Enhancing the Effectiveness of Straw Dyeing In the Ghanaian Basket Weaving Industry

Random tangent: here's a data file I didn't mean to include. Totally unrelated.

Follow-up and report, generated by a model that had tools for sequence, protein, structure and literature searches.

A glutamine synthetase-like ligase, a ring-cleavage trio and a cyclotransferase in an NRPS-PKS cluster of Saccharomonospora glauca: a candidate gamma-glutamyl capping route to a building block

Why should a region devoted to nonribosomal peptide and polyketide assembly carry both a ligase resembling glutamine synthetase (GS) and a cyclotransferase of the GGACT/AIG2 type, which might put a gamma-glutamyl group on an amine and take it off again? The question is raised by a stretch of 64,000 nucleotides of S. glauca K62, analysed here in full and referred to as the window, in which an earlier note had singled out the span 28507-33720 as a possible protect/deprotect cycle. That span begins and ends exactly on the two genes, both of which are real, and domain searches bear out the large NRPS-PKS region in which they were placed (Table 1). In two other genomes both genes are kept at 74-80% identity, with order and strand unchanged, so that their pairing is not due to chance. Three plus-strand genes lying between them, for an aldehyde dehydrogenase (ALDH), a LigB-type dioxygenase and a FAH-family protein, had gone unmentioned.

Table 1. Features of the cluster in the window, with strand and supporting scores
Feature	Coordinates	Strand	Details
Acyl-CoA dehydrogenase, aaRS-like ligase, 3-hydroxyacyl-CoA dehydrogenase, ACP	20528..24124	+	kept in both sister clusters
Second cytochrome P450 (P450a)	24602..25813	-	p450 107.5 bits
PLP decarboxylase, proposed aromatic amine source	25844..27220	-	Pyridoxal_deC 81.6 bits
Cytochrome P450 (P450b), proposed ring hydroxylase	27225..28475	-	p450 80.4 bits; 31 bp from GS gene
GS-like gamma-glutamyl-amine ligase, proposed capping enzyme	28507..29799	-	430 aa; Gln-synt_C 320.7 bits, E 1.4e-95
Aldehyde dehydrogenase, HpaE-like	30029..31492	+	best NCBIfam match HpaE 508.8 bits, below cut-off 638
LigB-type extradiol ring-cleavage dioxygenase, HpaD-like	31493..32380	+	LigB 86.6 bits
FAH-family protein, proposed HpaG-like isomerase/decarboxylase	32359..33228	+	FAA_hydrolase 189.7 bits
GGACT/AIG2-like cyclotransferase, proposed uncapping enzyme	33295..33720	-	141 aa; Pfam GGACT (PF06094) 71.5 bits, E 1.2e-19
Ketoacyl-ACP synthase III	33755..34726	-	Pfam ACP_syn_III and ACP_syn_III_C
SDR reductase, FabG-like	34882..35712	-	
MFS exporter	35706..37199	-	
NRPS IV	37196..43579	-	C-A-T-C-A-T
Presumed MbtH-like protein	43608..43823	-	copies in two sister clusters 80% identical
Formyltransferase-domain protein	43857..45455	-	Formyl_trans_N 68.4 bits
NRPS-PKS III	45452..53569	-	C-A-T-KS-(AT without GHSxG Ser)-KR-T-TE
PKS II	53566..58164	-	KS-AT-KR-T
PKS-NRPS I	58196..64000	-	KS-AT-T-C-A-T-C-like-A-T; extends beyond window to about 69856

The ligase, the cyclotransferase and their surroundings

The indigenous of the Upper East Region of Ghana heavily depend on Basketry products, an important activity to supplement income made from subsistence agriculture. The traditional ‘Bolga’ baskets, laboriously hand woven, are locally esteemed for their aesthetic qualities among its citizenry and foreign tourist who visit the northern part of Ghana. Nevertheless, the problem of faded dye colour of their basket products over a period of time is a matter of concern to exporters. To address this issue, various production practices were outlined to improve the exhaustion of dye for a given processing time to improve the quality of dyed straw and to adapt new technology, techniques and practices that reflect their ever-changing socio-cultural realities. Qualitative research was employed in the study under which the following methods and data collection instruments: experimental, descriptive, explorative and workshop base approach, purposive sampling technique, interview and observation were used. The elephant grass (“veta vera”) and the Basic dye were the main materials used. The results showed significant improvement in the exhaustion of the dye due to the presence of glacial acetic acid. The indication is that straws dyed in the presence of glacial acetic acid have higher colour values, establishes better dye penetration and relative fastness properties than that of the (natural plant pigment) or the initial dyes used. A careful implementation of straw material purification and systematic approach to dyeing procedures, can appreciably resolve the problem of faded baskets experienced over a short period of time. It is recommended that material science approach to basketry and the exchange of ideas between the academia and the artisans be encouraged. Further inquiry on other variations of straw dyeing will go a long way to keep the creative potentials of basketry in Ghana and beyond.